Bats and a changing climate: How scientists are helping an endangered species

Bats are fairly common around San Antonio and other parts of South Texas

Bats are not an unusual sight around San Antonio and South Texas.

In the heart of the city, bats are known to hang out under the Camden Street bridge, among other places. Farther north, the Bracken bat cave is a popular tourist spot for those who’d like to spot more than a few bats.

However, you’ll have to travel several hours west to see the species of bat we’re talking about here! 🦇

Meet the Mexican Long-Nosed Bat

I first learned about the Mexican long-nosed bat while doing some research on Big Bend in West Texas. I had been presented with some interesting data pertaining to the park’s climate.

According to Climate Central, Big Bend leads the list of National Parks expected to see the most warming by the start of the next century. Specifically, it is projected that the number of 100-degree days at the park (per year) will jump from around 17 to more than 100.

This is attributed to the increased frequency of extreme heat events due to climate change.

Big Bend is among the National Parks expected to see extreme warming by the start of the next century (Climate Central)

So, as I was looking into what this warming would mean for the park, I learned that Big Bend is home to some endangered species. One of those species is the Mexican long-nosed bat.

If you look closely at their faces, you’ll probably be able to figure out where they got their name. 😉

A photo of the endangered Mexican long-nosed bat (J. Scott Altenbach)

I wondered what the expected warming in Big Bend would mean for these bats. Were they doomed? Or, could something be done? Thankfully, I found some experts who had answers to those questions and many more.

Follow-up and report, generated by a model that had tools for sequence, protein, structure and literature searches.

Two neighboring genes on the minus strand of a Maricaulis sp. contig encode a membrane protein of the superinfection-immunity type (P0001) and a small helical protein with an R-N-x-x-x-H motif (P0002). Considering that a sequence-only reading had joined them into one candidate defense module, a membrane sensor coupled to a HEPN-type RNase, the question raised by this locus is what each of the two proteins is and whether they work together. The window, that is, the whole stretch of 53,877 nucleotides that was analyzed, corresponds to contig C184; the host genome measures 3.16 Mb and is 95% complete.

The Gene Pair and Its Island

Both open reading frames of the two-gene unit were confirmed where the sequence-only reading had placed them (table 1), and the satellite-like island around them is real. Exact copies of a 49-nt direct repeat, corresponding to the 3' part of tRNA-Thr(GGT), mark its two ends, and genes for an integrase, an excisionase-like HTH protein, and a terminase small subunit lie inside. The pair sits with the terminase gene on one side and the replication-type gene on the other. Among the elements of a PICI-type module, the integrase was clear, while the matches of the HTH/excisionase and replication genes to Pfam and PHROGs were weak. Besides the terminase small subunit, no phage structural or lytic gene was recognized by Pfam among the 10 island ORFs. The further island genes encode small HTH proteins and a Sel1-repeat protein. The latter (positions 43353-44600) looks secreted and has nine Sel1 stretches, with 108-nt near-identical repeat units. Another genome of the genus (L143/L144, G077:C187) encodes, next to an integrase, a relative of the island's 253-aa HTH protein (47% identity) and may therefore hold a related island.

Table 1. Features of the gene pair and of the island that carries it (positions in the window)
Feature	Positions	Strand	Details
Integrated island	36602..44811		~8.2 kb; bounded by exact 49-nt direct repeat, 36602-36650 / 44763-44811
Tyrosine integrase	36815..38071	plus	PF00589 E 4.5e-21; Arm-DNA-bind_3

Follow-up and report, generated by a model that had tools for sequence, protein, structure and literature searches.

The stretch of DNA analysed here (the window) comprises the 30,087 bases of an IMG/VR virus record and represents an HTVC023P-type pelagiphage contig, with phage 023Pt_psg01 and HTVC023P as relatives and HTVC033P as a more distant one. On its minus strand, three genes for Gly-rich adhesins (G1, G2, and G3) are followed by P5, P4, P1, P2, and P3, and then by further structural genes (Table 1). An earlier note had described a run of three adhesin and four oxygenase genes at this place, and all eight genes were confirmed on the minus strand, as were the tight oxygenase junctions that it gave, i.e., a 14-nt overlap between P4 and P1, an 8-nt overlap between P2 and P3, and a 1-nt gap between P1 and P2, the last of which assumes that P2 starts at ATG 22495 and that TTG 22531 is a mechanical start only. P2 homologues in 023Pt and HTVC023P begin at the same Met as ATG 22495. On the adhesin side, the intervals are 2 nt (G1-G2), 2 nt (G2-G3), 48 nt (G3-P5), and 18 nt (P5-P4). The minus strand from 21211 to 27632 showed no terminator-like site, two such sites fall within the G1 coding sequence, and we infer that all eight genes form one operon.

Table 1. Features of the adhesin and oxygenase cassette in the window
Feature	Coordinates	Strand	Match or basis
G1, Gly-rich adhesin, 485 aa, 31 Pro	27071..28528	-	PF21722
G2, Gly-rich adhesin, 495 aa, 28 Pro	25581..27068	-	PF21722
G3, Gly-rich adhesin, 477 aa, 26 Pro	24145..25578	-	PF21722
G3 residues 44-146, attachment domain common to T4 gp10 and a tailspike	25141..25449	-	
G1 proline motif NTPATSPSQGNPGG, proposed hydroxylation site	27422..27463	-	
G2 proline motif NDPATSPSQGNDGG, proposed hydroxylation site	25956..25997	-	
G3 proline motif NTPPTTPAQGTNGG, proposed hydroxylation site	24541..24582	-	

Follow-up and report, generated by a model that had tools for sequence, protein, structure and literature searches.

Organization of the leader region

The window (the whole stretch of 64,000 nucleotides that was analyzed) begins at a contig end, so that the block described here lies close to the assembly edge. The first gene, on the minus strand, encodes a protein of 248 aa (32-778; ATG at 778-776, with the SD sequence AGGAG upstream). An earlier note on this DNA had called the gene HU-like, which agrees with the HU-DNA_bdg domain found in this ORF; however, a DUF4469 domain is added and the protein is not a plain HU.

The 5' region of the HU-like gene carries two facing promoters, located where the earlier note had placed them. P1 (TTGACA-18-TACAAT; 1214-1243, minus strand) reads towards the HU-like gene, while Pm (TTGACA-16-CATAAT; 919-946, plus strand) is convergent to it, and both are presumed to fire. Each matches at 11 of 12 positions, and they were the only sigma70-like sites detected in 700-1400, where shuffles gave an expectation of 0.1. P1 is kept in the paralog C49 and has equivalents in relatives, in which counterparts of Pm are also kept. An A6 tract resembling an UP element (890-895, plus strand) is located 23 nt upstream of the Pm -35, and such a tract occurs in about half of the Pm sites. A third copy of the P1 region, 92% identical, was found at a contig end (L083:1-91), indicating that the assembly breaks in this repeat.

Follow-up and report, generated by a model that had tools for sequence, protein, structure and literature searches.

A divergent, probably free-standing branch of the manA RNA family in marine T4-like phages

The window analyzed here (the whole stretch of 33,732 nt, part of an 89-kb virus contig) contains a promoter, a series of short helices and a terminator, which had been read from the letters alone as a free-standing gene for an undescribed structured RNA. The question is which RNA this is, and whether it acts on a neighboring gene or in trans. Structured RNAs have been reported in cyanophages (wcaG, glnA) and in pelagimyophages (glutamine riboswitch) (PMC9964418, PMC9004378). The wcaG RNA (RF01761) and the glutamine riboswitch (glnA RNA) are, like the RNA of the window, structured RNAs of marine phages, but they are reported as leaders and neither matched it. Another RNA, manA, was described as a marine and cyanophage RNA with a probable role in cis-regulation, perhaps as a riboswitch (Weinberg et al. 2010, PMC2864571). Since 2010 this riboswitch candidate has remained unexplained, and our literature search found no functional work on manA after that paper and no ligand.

Agave: Not Just for Tequila

I quickly learned from two scientists with Bat Conservation International that the bats themselves aren’t at direct risk from extreme heat events. For example, they’re not going to experience heat exhaustion because they’ll be able to stay cool in their caves.

However, their food source - agave nectar - is currently being affected by prolonged periods of heat and drought, as well as wildfire. While the large agave is meant to grow in a dry, hot environment, scientists say that the heat waves and drought that are happening more often across parts of Mexico and Texas could be too much for the plant species to withstand. What’s more, another set of data from Climate Central says that drought will be the biggest climate hazard for the Desert Southwest and West Texas by the year 2050.

The top climate hazards that will be facing different parts of the U.S. by the year 2050.

Finding Solutions

In an effort to protect the agave population along the migratory path of the Mexican long-nosed bat, Bat Conservational International has begun an Agave Restoration project. You can read more about their important work and learn how to support their efforts here.

I was was excited to share this story because it proves that action is being taken to combat a climate-related issue. It can be frustrating to see the problems that climate change is causing, especially when no hope for a solution is given.

Hopefully, like me, you’re encouraged by the steps being taken to help save the endangered Mexican long-nosed bat. I hope - also like me - you learned a little about this endangered species, too.

Author’s Note: Thank you to Dr. Winifred Frick and Dr. Kristen Lear with Bat Conservation International for their time and assistance with this story. Additionally, a special thanks to Dr. Lear for providing photo and video of the agave, the bats, and the landscape of Big Bend.

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About the Author:

Kaiti Blake is a child weather-geek-turned-meteorologist. A member of the KSAT Weather Authority, Kaiti is a co-host of the Whatever the Weather video podcast. After graduating from Texas Tech University, Kaiti worked at WJTV 12 in Jackson, Mississippi and KTAB in Abilene.